Last year was a monumental year for energy in Britain. For the first time ever the country drew more power from renewable sources than fossil fuels, hitting a crucial milestone not only in its ambition to be Net Zero by 2050 but in the global battle against climate change.

The data released by National Grid shows that renewable energy delivered 48.5 percent of Britain’s electricity across the full 12 months as opposed to just 43 percent from fossil fuels. This is incredibly positive because it shows that the country is making significant Net Zero progress while also highlighting that the UK energy network’s procedures to decarbonise the nation are succeeding.

For decades the energy networks have been building new systems and processes to ensure the country can draw more and more of its energy from renewable sources therefore reducing its carbon footprint. Since 1990 nearly £4,000 has been invested for every household in the country with a further £1,600 being invested right now under the current price control. This has fuelled the production of wind and solar farms, hydro plants and alternative gas sources such as hydrogen and biomethane which have resulted in nearly 100 green gas production plants and the equivalent of 10 Hinckley Point C power plants in renewable energy being added.

However, the energy networks aren’t resting on their laurels. They have also been fundamentally redesigning the way renewable energy sources can be connected to the energy grid making it quicker and easier to do so. One such example is the Open Networks Project.

The Open Networks Project is a major industry initiative that is transforming the way the energy networks operate, underpinning the delivery of a smart grid. It will enable more homes, businesses and communities to make use of new smart energy technologies more quickly, easily and cost effectively while decarbonising the energy they consume.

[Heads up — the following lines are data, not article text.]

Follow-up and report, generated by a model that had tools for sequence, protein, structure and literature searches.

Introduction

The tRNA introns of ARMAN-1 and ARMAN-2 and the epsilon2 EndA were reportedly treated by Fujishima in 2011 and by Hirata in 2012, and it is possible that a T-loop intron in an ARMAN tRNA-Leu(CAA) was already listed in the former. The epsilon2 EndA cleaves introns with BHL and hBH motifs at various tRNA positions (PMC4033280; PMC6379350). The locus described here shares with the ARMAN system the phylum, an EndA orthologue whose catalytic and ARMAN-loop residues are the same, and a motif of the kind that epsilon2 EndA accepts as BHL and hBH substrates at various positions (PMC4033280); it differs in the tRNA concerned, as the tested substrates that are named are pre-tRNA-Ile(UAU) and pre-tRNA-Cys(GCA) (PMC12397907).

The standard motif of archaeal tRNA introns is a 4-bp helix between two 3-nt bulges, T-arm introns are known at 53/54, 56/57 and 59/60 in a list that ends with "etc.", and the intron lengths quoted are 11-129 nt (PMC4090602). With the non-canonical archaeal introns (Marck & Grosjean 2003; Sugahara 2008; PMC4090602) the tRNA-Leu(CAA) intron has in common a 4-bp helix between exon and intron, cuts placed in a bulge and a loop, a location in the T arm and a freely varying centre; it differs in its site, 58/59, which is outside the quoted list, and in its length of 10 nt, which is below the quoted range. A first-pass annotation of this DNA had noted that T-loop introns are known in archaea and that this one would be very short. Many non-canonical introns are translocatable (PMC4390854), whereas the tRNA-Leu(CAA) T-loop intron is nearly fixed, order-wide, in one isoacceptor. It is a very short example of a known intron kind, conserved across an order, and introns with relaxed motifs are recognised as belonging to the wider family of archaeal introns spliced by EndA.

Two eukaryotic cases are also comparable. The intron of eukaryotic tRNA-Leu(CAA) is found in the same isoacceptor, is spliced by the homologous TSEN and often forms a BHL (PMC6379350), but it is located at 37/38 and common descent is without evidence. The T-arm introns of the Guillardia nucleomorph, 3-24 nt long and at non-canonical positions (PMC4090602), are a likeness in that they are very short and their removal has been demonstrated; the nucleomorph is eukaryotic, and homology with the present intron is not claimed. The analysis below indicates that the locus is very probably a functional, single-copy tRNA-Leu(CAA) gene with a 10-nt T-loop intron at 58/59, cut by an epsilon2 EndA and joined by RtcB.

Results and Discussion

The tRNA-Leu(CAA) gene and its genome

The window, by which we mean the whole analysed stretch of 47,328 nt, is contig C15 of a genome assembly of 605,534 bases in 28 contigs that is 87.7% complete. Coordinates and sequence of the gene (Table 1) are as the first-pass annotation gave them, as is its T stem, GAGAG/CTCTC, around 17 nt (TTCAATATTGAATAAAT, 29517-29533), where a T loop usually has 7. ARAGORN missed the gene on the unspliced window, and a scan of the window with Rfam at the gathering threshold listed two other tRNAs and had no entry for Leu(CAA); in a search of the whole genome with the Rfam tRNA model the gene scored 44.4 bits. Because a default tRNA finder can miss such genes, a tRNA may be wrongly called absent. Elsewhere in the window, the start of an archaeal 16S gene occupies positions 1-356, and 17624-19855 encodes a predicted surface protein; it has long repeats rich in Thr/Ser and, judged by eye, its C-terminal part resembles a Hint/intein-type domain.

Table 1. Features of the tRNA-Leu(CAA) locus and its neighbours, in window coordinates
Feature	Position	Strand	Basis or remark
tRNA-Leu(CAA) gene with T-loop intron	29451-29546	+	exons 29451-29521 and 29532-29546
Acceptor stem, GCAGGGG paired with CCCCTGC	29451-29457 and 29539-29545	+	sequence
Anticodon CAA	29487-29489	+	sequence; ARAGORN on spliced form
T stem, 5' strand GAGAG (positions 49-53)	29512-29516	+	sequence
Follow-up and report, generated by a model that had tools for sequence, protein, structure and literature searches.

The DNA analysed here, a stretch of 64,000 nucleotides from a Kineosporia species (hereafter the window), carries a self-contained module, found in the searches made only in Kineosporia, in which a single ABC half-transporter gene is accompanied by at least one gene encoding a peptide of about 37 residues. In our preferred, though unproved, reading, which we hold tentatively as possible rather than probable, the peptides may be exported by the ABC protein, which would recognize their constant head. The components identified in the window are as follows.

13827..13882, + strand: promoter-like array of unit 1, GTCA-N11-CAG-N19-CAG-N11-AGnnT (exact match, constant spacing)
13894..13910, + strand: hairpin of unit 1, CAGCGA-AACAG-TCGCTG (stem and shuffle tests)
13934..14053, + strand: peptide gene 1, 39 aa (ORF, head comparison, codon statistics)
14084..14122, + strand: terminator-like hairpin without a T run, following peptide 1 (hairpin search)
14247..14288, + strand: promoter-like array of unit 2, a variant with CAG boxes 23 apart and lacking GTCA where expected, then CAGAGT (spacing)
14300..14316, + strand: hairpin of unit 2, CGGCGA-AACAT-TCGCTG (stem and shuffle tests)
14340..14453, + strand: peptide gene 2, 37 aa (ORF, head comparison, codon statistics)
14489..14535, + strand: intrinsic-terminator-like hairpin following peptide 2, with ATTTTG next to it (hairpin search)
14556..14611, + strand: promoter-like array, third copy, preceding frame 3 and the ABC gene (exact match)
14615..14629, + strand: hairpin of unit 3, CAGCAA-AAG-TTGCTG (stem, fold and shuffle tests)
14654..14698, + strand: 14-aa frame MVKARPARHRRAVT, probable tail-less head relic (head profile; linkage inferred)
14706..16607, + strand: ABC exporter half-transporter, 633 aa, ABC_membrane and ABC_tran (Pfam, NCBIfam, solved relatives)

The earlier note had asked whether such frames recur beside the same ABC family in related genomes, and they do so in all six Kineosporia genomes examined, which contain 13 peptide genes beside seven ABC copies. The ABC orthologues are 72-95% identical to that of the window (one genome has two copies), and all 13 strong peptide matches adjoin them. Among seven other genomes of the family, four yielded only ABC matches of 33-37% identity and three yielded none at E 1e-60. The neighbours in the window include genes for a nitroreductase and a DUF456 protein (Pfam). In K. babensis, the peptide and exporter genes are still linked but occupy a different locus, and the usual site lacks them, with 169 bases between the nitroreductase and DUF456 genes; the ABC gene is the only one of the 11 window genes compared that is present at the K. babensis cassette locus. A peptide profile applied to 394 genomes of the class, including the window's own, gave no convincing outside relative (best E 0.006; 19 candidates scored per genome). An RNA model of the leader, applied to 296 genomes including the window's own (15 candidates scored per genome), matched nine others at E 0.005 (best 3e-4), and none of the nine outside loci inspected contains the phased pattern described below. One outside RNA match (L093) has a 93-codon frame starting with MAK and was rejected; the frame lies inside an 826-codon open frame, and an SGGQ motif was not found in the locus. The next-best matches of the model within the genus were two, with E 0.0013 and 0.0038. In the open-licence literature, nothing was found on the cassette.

Such technologies will include access to flexible energy markets that allow power to be drawn from local energy sources including their own as well as the national energy grid, make use of electric vehicles and charge points and even regulate homes and businesses with smart thermostats.

By adopting these new technologies customers will gain greater control of their energy and could save close to £1bn on their bills. But, it doesn’t stop there. The country itself could save up to £40bn by 2050.

The results released by National Grid are incredibly encouraging and puts the UK in the best possible position to tackle climate change and reach its 2050 Net Zero target. Of course, the climate emergency is a global problem but if the UK can continue to lead by example and implement smart and innovative renewable energy solutions, the rest of the world will follow.

For further information, please visit the Securing a Greener Future website at:  https://securingagreenfuture.uk/

Notes to Editors

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About Securing a Green Future

The aim of the campaign is to raise awareness of the role energy network companies have to play in tackling the climate emergency by providing the infrastructure needed to decarbonise our economy. Find out more at:

https://securingagreenfuture.uk/

Fast facts about the role Britain’s energy networks are playing to decarbonise our economy:

  • A third of Britain’s electricity is now generated from renewable sources that have been connected to energy networks, helping reduce UK carbon emissions to their lowest level since 1888 (BEIS, CCC)
  • Britain’s local electricity grids have connected the equivalent of ten Hinkley Point C power plants in the last ten years – over 30GW in total (BEIS)
  • Nearly 100 green gas production plants are now connected across the country (ABDA) – green gas could be used to heat up to 15m homes by 2050 (Cadent)
  • The UK economy will need to spend between 1-2% of its total wealth each year to reach Net Zero by 2050 (CCC)
  • Great Britain could save up to £40bn by 2050 by creating a more innovative, flexible energy system (Imperial College)
  • Nearly £4,000 has been invested for every household in GB grid infrastructure in the country since privatisation in 1990 – £100bn in total (Ofgem)
  • Another £1,600 is being invested for every household right now, under the current price control (2013-2023) – £45bn in total (Ofgem)
  • Private investment helps bring down bills – electricity network costs have fallen by almost a fifth since privatisation whilst £100bn has been invested (Ofgem)

About Energy Networks Association (ENA)

  • Energy Networks Association represents the companies that are responsible for operating the ‘wires and pipes’ of Britain’s gas and electricity network infrastructure, serving over 30 million customers across the country